Thursday, December 18, 2014

TBT: Study Abroad in Florence, Italy

Ten years ago, I had the wonderful opportunity to spend the first half of my junior year of college studying at the Lorenzo de'Medici International Institute (or as my father called it, The Leonardo DiCaprio School of Fine Arts). It had been a lifelong dream of mine to study abroad in Italy, and I was beyond excited to embark on my long-awaited adventure.

Before I left the states, I had carefully researched, picked out, and highlighted the two travel guides that would accompany me on my journeys - DK Eyewitness Travel Guide: Italy (for the wonderful photography) and Rick Steves' Italy (for the wealth of information and step-by-step tours). I had my list of must-see sights (Leaning Tower, Colosseum, Eiffel Tower, etc.), and because I had the fortune of being in Europe at the same time as a handful of other friends from both high school and college, I had roughed out a tentative schedule of where and when to hit certain countries based on my other friends' travel plans. But I did thankfully tone down the anal-retentive impulses every once in a while to allow for some deviation and creativity. While I did run my friends ragged through the streets of Paris over the course of four days so that I could hit every "to-do" on my list, I also threw a wet pasta noodle at a map of Europe to determine where I'd travel the following weekend. It landed on Slovenia and I bought a ticket to Ljubljana that very evening, setting the stage for one of the more memorable weekends of my life.

When I did my semester abroad, it was the fall of 2004. Facebook had just emerged into the world, but my small midwestern college hadn't been accepted yet (back in the day, you had to have a college email address and your school had to be accepted into Facebook). My digital camera (with 6 whole megapixels, you guys!!) didn't have a magical button that shared my photos with the world, and I had to pair that with both my paper-weight of a Nokia cell phone and Discman CD player ("Mary's Italy Mix 3"). Communication with friends and family was done via a desktop computer at a nearby Internet cafe, and our maps and guide books were folded up and stored in our backpacks.

So what I'm saying is that even though it was only ten years ago, it was a different world. There was no sense of immediacy that is so present in today's world. While I was able to immediately view my pictures on the back of my camera, I couldn't just share them with my friends back home. I had a blog that I infrequently updated (see aforementioned Internet cafe), but it was more to just let everyone know I was still alive; it was only after I got back to Chicago after four months of traveling that I painstakingly printed out all my best pictures and inserted them into a (real! analogue!) scrapbook.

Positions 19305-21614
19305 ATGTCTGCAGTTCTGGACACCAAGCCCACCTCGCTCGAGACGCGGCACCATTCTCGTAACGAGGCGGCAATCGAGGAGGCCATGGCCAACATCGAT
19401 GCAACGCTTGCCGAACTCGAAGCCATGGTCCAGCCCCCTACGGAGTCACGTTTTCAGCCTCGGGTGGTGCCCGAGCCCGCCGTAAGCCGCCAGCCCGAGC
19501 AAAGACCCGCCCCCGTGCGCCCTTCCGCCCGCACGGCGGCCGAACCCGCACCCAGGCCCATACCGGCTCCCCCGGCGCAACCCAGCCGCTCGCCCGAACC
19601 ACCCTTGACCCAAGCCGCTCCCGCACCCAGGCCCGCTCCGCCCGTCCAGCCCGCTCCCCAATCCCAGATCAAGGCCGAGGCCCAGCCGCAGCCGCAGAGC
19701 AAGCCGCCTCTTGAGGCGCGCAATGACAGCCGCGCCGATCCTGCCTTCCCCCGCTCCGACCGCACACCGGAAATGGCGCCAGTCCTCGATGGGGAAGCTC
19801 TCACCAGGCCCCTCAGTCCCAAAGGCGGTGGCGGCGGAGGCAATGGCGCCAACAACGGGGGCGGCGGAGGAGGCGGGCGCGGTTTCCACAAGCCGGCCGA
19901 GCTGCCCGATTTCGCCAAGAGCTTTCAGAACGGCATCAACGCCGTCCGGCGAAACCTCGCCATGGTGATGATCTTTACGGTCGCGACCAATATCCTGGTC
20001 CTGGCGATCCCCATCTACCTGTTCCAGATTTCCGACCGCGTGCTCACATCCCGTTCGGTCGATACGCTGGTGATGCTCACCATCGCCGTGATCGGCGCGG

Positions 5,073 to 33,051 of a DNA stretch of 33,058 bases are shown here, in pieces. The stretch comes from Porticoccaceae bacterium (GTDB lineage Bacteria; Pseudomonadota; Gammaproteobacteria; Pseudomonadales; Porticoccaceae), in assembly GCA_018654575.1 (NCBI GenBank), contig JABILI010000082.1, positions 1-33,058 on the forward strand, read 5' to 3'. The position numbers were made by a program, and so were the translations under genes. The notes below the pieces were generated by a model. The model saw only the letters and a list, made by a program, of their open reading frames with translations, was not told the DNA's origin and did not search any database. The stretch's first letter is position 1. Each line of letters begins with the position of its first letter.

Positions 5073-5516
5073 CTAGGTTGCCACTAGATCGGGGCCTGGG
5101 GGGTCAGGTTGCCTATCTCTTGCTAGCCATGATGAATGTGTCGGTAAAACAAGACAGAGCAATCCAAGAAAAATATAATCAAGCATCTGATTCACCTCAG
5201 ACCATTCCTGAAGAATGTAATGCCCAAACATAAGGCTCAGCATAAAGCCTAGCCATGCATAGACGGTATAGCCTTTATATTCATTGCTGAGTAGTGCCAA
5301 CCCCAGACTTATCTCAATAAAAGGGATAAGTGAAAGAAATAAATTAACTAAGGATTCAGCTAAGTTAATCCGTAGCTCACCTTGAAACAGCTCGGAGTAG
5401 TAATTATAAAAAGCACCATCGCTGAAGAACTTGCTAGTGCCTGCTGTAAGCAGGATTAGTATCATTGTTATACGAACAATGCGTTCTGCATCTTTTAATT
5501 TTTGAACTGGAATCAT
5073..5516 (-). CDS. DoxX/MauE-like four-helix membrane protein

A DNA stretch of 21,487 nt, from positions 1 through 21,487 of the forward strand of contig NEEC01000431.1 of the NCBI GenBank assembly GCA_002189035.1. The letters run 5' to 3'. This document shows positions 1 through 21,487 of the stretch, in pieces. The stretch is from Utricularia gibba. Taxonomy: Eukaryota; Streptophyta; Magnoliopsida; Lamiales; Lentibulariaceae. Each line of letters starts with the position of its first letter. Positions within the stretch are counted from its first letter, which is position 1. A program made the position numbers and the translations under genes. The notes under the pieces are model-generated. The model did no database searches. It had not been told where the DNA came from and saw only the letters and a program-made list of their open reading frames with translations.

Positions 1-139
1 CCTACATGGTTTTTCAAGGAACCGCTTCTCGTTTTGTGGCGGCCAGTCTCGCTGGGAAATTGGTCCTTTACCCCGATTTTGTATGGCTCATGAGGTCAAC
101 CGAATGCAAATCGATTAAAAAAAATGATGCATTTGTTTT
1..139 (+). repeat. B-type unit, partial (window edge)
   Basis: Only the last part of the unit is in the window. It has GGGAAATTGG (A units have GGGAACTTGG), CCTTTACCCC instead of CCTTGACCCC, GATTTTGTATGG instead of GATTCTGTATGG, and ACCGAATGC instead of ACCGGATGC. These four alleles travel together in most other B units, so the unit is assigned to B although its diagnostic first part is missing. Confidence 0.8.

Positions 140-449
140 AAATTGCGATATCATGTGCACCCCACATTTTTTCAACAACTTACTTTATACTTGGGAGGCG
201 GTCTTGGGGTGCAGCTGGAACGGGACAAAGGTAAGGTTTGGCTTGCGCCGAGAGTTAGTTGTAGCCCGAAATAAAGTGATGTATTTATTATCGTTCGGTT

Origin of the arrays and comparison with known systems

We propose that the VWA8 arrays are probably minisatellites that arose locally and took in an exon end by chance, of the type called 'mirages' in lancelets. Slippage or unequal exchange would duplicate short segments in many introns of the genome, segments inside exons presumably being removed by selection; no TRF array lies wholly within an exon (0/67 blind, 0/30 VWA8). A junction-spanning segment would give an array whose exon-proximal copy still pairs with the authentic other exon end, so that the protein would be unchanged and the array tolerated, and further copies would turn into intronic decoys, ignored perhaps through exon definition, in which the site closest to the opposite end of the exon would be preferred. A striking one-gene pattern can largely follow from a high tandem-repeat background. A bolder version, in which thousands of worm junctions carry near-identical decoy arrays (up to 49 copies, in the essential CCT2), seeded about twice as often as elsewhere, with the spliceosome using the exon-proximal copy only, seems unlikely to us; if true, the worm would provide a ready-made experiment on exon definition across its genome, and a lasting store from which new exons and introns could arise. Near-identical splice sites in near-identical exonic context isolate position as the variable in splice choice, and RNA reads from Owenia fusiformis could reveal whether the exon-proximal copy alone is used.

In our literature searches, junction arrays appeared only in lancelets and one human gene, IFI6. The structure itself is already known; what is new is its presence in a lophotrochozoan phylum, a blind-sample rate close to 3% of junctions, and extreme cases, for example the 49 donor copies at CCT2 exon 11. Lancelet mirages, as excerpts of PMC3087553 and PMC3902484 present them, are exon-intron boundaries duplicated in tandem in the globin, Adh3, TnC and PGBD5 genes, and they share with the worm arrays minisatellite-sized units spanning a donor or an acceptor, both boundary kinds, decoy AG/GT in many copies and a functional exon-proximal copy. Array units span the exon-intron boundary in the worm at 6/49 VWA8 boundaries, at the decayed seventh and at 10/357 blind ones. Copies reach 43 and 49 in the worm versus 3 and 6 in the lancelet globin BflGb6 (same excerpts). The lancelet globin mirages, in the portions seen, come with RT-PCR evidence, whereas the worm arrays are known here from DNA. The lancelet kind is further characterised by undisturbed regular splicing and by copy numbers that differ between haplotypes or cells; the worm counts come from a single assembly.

I had always had a touch of the wanderlust growing up, and though my semester abroad was the second time I'd traveled internationally without my parents (I did a two-week trip in high school to London and Scotland to perform in the Edinburgh Fringe Fest), it was the first time I was genuinely on my own in a strange place, international or not. Yes, my friends and I were released "on our own" for a few hours on a high school trip to New York City and yes, I was technically without supervision the entire time I was in college, but it was in Europe where I was truly an adult. We lived in an apartment in the very heart of Florence, not a dorm room, and there was no college campus to speak of that would provide any sense of community or union amongst other students. There weren't any clubs or organizations to join, so once our classes were over for the day, that was it - nothing to do, nowhere to be - an entirely foreign sense of being for the Type-A-Joiner-Doer-Overachiever that I was (still am).

We were also not on a meal plan, so we learned to grocery shop and cook three meals a day for ourselves - not that this was at all a struggle, however. We lived in one of the culinary capitals of the world and took full advantage of this. Fresh tomatoes, every cheese you can name, even the canned tuna was wonderful (and let's not forget the buckets of Nutella we all consumed...). Some of the meals I learned to make while studying abroad still find their way to my current kitchen table; to this day, a good friend of mine cites a plate of homemade eggplant parmesan eaten in our tiny Florentine kitchen as one of his most favorite meals ever.

I say all of this without yet mentioning the obvious, yet most important player in the study abroad game - the travel. With classes scheduled only from Monday evening through Thursday afternoon, we had close to a four-day weekend every week, (and that's not including the 10-day fall break we were given halfway through the semester), the world was our to conquer - and conquer it we did. No country was too far away, too hard to get to, or too confusing to navigate. We had backpacks and rail passes and €1 RyanAir flights and insider trading-level knowledge on which hostels had the best bars and happy hours. We had sights to see and cities to traverse and overlooks to climb and foods to try and museums to wander and drinks to drink and nothing was going to stop us from doing. it. all.